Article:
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Publication numberUS8040882 B2
Publication typeGrant
Application numberUS 12/031,076
Publication dateOct 18, 2011
Filing dateFeb 14, 2008
Priority dateFeb 14, 2008
Also published asUS20090207833
Publication number031076, 12031076, US 8040882 B2, US 8040882B2, US-B2-8040882, US8040882 B2, US8040882B2
InventorsEdgar Chung, Puneet Agarwal, Shailesh Maskai
Original AssigneeBroadcom Corporation
Export CitationBiBTeX, EndNote, RefMan
External Links: USPTO, USPTO Assignment, Espacenet
Efficient key sequencer
US 8040882 B2
Abstract
A method includes for determining a plurality of fields of a packet associated with a routing of the packet, wherein each field of the plurality of fields includes one or more bits. Arranging the bits of the plurality of fields into a plurality of ordered partitions of a search sequence, the search sequence being associated with a plurality of searches, wherein the searches are based on the bits included in one or more of the ordered partitions. Providing, to a routing table including routing information associated with the routing of the packet, one or more of the ordered partitions of the search sequence, wherein the routing table is structured based on the search sequence. Receiving, based on the plurality of searches, the routing information associated with the routing of the packet from the routing table. Routing the packet based on the routing information.
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Claims(16)
1. A method comprising:
determining a plurality of fields of a packet associated with a routing of the packet, wherein each field of the plurality of fields includes one or more bits;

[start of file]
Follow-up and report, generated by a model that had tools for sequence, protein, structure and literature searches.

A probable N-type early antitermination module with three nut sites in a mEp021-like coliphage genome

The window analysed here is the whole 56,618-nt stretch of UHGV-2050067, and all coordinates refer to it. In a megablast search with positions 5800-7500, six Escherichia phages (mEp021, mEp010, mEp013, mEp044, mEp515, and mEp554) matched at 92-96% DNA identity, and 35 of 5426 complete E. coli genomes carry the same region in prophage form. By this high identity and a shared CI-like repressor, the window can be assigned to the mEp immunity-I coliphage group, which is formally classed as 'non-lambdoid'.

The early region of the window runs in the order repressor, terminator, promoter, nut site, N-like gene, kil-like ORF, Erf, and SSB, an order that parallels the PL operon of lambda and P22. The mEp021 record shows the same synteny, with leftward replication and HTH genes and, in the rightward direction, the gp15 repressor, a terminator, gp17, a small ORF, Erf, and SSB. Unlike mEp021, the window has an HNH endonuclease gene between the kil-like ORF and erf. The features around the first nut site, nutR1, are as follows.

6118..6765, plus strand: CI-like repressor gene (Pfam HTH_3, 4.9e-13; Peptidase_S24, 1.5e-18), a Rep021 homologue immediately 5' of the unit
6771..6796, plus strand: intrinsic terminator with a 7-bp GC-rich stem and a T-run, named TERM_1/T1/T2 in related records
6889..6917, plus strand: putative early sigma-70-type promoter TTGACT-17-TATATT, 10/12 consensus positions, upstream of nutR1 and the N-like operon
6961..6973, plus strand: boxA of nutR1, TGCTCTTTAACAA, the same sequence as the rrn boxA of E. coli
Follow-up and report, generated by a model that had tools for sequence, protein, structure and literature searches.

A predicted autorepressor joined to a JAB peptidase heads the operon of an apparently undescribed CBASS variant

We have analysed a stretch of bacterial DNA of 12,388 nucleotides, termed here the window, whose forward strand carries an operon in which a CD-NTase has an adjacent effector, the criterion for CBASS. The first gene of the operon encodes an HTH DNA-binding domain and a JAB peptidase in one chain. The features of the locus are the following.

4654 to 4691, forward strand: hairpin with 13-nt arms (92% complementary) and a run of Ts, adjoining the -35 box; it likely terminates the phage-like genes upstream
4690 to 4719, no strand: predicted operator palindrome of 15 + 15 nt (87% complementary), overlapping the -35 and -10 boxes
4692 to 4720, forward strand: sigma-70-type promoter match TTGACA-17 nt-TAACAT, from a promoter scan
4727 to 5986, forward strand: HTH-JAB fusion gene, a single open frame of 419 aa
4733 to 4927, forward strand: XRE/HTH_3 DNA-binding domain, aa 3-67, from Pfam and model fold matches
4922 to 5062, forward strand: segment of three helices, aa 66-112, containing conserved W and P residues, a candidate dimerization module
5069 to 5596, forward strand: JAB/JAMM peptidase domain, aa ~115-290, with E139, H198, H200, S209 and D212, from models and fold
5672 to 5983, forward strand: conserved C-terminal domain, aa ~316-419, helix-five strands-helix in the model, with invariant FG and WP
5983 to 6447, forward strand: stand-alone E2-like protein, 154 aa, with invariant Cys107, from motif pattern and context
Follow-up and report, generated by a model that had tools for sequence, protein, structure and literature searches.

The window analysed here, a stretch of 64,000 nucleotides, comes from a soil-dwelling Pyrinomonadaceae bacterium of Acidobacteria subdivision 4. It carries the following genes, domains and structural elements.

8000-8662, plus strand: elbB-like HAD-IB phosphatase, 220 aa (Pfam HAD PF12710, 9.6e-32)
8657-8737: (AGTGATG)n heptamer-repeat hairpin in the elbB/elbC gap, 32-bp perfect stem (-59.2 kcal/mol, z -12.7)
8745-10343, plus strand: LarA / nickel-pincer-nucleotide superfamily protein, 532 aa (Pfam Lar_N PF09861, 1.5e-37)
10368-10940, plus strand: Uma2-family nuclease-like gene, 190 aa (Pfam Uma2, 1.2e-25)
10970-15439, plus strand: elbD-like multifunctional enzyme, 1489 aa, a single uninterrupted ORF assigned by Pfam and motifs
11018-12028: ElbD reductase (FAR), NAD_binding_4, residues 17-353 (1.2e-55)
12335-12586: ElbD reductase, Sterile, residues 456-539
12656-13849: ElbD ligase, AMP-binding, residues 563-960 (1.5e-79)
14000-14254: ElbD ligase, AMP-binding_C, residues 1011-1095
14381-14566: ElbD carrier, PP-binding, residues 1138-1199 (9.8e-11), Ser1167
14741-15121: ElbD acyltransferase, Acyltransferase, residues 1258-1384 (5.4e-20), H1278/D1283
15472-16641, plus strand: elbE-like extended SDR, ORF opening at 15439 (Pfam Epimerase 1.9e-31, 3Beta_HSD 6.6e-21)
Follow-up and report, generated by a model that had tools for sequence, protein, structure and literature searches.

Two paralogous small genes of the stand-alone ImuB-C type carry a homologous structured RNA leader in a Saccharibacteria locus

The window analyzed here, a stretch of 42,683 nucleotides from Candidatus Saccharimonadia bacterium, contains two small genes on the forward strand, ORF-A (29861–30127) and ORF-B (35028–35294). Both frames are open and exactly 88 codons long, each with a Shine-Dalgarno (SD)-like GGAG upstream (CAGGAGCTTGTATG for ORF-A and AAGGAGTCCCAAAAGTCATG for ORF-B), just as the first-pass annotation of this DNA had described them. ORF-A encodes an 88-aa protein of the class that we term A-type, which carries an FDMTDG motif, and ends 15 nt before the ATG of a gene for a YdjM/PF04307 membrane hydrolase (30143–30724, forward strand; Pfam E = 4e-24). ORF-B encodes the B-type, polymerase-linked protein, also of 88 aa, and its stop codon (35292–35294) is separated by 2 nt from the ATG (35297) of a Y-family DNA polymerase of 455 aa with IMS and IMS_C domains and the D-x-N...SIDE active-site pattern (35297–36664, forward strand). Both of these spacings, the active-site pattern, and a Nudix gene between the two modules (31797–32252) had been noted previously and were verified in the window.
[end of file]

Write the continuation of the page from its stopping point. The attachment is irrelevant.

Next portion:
arranging the bits of the plurality of fields into a plurality of ordered partitions of a search sequence, the search sequence being associated with a plurality of searches, wherein the searches are based on the bits included in one or more of the ordered partitions;
providing, to a routing table including routing information associated with the routing of the packet, the ordered partitions of the search sequence over a plurality of time periods, wherein one or more of the ordered partitions are provided during each of the plurality of time periods and the routing table is structured based on the search sequence;
receiving, based on the plurality of searches, the routing information associated with the routing of the packet from the routing table; and
routing the packet based on the routing information.
2. The method of claim 1, wherein the determining comprises receiving the packet from a network.
3. The method of claim 1, wherein the determining comprises parsing the packet into the plurality of fields.
4. The method of claim 1, wherein the arranging comprises:
determining which of the plurality of searches are based on one or more overlapping search keys, wherein each of the search keys are associated with one or more of the fields; and
arranging the bits of the one or more fields associated with the search keys into the search sequence based on the overlapping search keys.
5. The method of claim 1, wherein the arranging comprises: